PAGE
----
A major policy document published by the U.S. Defense Department Friday identifies China as the emerging world power most likely to threaten the U.S. status as the world's only superpower, and the document calls for several steps to counter that potential threat.
The Defense Department document says China's military buildup "puts regional military balances at risk." It says the United States needs "counter strategies" to deal with any move by China to deploy military capabilities that could threaten what it calls "traditional U.S. military advantages."
Still, the document, called the Quadrennial Defense Review, emphasizes a desire to work with China to moderate its military buildup and to try to ensure that the country plays a constructive role in world affairs. Undersecretary of Defense Ryan Henry coordinated the year-long process behind the wide-ranging document. "We want to partner with them to manage their successful rise. We think that some of the attributes of that is one of transparency, one of acquiring military capability but one sufficient for its regional needs, one that will be a constructive partner in the community of nations. And we want to work with them to be able to do that," he said.
Undersecretary Henry indicated that the extent of U.S. willingness to accept the projection of Chinese military power beyond its immediate area will depend on what sort of foreign policy the country pursues. "We think China should have a military capability sufficient to meet its genuine security needs. Now, how that is translated has a lot to do with what sort of country (China becomes), and how China is going to be contributing to world stability," he said.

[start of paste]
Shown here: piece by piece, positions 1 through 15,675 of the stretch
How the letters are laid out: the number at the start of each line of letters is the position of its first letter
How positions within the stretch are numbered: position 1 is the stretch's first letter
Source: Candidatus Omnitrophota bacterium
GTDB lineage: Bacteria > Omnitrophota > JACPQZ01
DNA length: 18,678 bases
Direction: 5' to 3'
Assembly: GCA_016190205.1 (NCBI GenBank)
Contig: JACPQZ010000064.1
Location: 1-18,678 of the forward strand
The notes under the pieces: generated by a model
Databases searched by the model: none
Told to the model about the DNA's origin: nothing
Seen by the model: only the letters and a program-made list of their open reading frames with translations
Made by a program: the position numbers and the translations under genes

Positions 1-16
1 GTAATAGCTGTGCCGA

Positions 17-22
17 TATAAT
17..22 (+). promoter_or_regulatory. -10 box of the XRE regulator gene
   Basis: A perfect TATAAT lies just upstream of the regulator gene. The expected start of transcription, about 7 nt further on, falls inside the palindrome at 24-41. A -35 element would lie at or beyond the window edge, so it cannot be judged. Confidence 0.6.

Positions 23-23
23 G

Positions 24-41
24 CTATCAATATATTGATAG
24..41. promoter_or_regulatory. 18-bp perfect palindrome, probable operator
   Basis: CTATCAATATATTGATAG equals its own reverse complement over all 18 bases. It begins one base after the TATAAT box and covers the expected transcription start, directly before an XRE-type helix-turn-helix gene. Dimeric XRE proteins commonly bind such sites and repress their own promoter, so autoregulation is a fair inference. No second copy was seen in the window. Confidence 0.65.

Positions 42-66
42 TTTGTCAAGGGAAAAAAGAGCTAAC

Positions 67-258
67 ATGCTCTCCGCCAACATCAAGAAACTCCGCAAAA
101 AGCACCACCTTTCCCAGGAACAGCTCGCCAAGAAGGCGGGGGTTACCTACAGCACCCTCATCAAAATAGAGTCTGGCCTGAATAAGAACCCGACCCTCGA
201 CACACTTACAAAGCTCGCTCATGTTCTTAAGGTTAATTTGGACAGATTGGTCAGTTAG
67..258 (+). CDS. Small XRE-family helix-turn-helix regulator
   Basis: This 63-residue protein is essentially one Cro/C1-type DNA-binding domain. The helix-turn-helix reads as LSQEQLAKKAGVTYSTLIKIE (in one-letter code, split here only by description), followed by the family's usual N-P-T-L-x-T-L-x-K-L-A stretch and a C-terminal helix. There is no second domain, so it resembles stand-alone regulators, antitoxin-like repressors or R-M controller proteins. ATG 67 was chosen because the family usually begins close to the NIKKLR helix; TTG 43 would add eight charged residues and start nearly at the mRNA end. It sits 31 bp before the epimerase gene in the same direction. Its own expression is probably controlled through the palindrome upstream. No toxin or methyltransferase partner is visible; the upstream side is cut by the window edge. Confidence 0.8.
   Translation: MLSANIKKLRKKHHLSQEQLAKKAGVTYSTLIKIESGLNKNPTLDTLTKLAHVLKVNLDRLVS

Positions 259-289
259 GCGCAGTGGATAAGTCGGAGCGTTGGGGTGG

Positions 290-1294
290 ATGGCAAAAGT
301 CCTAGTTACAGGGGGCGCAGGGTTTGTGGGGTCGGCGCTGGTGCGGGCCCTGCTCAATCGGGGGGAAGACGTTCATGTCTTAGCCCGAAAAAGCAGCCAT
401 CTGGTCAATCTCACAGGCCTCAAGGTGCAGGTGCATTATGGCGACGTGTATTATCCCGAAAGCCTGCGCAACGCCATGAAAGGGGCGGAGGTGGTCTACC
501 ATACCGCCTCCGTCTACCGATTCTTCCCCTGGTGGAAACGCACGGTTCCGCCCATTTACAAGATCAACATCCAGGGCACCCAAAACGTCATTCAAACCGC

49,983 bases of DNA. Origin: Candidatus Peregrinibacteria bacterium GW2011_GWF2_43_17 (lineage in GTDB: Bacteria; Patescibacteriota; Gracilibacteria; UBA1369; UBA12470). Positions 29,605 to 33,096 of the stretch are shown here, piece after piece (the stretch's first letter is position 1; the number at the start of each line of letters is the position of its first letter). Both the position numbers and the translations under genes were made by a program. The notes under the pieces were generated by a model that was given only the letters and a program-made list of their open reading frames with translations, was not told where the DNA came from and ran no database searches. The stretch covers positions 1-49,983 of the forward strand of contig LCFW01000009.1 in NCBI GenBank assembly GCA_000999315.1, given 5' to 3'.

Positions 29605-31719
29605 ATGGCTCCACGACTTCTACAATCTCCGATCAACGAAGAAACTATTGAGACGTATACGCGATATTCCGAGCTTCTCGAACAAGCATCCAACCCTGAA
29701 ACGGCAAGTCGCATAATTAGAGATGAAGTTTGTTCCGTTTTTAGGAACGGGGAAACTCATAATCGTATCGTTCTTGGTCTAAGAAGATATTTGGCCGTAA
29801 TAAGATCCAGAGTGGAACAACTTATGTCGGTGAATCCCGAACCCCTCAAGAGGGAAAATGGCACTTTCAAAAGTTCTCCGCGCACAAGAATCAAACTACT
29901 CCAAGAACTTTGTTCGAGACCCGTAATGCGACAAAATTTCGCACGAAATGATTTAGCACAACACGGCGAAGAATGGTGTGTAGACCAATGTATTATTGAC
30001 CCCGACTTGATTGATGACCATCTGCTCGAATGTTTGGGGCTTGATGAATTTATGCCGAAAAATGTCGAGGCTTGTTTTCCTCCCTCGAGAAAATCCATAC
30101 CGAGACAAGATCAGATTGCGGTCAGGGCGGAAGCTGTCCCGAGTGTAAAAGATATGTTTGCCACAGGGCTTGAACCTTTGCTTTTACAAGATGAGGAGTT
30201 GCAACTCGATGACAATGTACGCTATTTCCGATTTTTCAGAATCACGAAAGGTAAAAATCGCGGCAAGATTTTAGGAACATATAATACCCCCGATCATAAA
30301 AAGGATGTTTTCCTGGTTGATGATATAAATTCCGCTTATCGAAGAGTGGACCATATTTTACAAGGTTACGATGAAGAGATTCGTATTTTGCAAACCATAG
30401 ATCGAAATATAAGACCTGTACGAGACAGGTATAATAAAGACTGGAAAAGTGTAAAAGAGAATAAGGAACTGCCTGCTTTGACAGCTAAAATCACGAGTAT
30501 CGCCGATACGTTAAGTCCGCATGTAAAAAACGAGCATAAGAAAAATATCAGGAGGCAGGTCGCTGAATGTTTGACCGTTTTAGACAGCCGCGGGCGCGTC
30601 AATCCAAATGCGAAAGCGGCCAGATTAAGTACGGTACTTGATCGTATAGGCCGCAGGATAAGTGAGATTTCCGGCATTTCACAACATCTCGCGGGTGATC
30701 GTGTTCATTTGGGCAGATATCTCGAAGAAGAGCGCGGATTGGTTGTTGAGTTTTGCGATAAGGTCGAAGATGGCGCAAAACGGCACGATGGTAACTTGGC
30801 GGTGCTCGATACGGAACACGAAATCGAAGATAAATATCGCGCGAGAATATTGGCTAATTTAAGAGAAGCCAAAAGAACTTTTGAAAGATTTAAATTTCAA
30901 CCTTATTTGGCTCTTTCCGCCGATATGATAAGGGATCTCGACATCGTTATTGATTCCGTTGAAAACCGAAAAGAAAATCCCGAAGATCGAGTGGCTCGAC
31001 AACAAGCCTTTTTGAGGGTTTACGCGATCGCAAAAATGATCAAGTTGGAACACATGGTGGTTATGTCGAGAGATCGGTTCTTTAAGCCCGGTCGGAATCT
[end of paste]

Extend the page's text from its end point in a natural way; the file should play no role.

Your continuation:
Undersecretary Henry says the United States needs to be prepared in case China chooses a course that results in confrontation. "We also want to be able to have a capability to be able to dissuade (China) from any course of action or things that would not be helpful that they might do," he said.
The Quadrennial Defense Review notes that China has increased its defense spending at least 10 per cent in all but one of the last ten years, and it laments the fact that the rest of the world knows little of the Chinese leadership's motivations or goals. It calls on China's leaders to clarify their military plans.
U.S. Defense Secretary Donald Rumsfeld carried that same message on his first official visit to China last October.
The Pentagon report lays out several challenges for the U.S. military to confront as it prepares to respond to any hostile moves by China. It says the United States must develop the capability to sustain its forces over a long distance, improve the military capabilities of what it calls "partner states" in Asia and their ability to work with U.S. forces, and improve multi-lateral intelligence, communications, missile defense and related capabilities.
The report categorizes China as an "emerging power," along with Russia and India. But it says China is the most likely of the three "to compete militarily with the United States." It says Russia is in transition, and the United States wants to work with it on shared goals, such as fighting terrorism and the proliferation of weapons of mass destruction. The report says India is emerging as "a great power and a key strategic partner" for the United States.